SREL Reprint #1846

 

 

 

 

In Situ Chemical Speciation of Uranium In Soils and Sediments by Micro X-ray Absorption Spectroscopy

Paul M. Bertsch and Douglas S. Hunter
Division of Biogeochemistry, University of Georgia, Savannah River Ecology Laboratory, Drawer E,
Aiken, South Carolina 29802


Stephen R. Sutton, Saia Baft, and Mark L. Rivers
Department of Geophysical Sciences, University of Chicago, and Department of Applied Sciences, Brookhaven National
Laboratory, Upton, New York 11973

Introduction

The ability to develop adequate models for predicting the fate of inorganic contaminants in both surface and subsurface environments is highly dependent on accurate knowledge of the partitioning of these constituents between the solid and solution phases and ultimately on the capability to provide molecular-level information on chemical species distributions in both of these phases. Furthermore, the development of environmentally sound yet cost-effective remediation strategies requires an understanding of the chemical speciation of the contaminants within the soil or sediment matrix in which they are contained. Owing to analytical difficulties, traditional methods for determining speciation of metals in soils and sediments have relied heavily on indirect chemical extraction techniques, in which various phases within the matrix are operationally defined and inferences on chemical associations are generated (1-3). This approach is less than satisfying, since it is not clear what specific reactions take place during the chemical extraction of the operationally defined phases nor what artifacts, such as contaminant element redistributions, may be introduced during and/or following the extraction of a given phase (2). Commonly employed in situ speciation methods (e.g., PIXE, EDX, Y.PS) can potentially avoid such limitations, but these methods have often not been sensitive enough to detect contaminant elements of interest, they require modifications of the sample, or the analysis must be conducted under conditions that may alter chemical species distributions, thus introducing other potential artifacts and complicating data interpretation (3).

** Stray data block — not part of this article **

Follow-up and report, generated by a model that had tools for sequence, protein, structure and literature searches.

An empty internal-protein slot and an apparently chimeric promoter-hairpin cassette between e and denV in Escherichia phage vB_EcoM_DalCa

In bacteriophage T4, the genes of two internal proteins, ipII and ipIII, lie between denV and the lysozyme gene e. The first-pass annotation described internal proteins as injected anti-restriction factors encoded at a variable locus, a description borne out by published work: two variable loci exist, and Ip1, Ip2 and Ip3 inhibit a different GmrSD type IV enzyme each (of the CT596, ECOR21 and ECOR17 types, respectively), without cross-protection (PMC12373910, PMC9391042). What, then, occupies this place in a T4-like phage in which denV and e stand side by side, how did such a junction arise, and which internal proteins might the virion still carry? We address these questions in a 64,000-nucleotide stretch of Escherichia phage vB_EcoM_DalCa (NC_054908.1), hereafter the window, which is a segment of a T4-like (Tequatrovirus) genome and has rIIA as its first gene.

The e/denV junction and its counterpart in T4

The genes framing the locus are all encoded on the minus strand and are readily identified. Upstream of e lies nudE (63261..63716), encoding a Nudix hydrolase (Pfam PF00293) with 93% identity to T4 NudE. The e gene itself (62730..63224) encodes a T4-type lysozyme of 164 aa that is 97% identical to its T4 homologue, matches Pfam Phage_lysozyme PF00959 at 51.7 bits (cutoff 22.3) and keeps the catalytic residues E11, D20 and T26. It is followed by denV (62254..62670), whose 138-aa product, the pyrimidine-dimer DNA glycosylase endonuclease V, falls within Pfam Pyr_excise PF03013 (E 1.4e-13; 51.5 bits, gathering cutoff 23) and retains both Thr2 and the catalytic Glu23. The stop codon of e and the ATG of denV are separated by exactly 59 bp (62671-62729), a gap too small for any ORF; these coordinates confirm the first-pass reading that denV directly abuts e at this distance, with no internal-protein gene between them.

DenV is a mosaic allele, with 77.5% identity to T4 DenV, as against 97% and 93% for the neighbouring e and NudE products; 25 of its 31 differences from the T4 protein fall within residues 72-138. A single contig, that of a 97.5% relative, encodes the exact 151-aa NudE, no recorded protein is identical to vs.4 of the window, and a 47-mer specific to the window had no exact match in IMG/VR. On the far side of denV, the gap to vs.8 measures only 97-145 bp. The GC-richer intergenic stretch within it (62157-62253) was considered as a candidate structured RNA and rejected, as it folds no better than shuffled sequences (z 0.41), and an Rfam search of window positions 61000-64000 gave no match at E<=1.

SREL Reprint #1846

Bertsch, P.M., D.B. Hunter, S.R. Sutton, S. Bajt, and M.L. Rivers. 1994. In situ chemical speciation of uranium in soils and sediments by micro x-ray absorption spectroscopy. Environmental Science and Technology 28:980-984.

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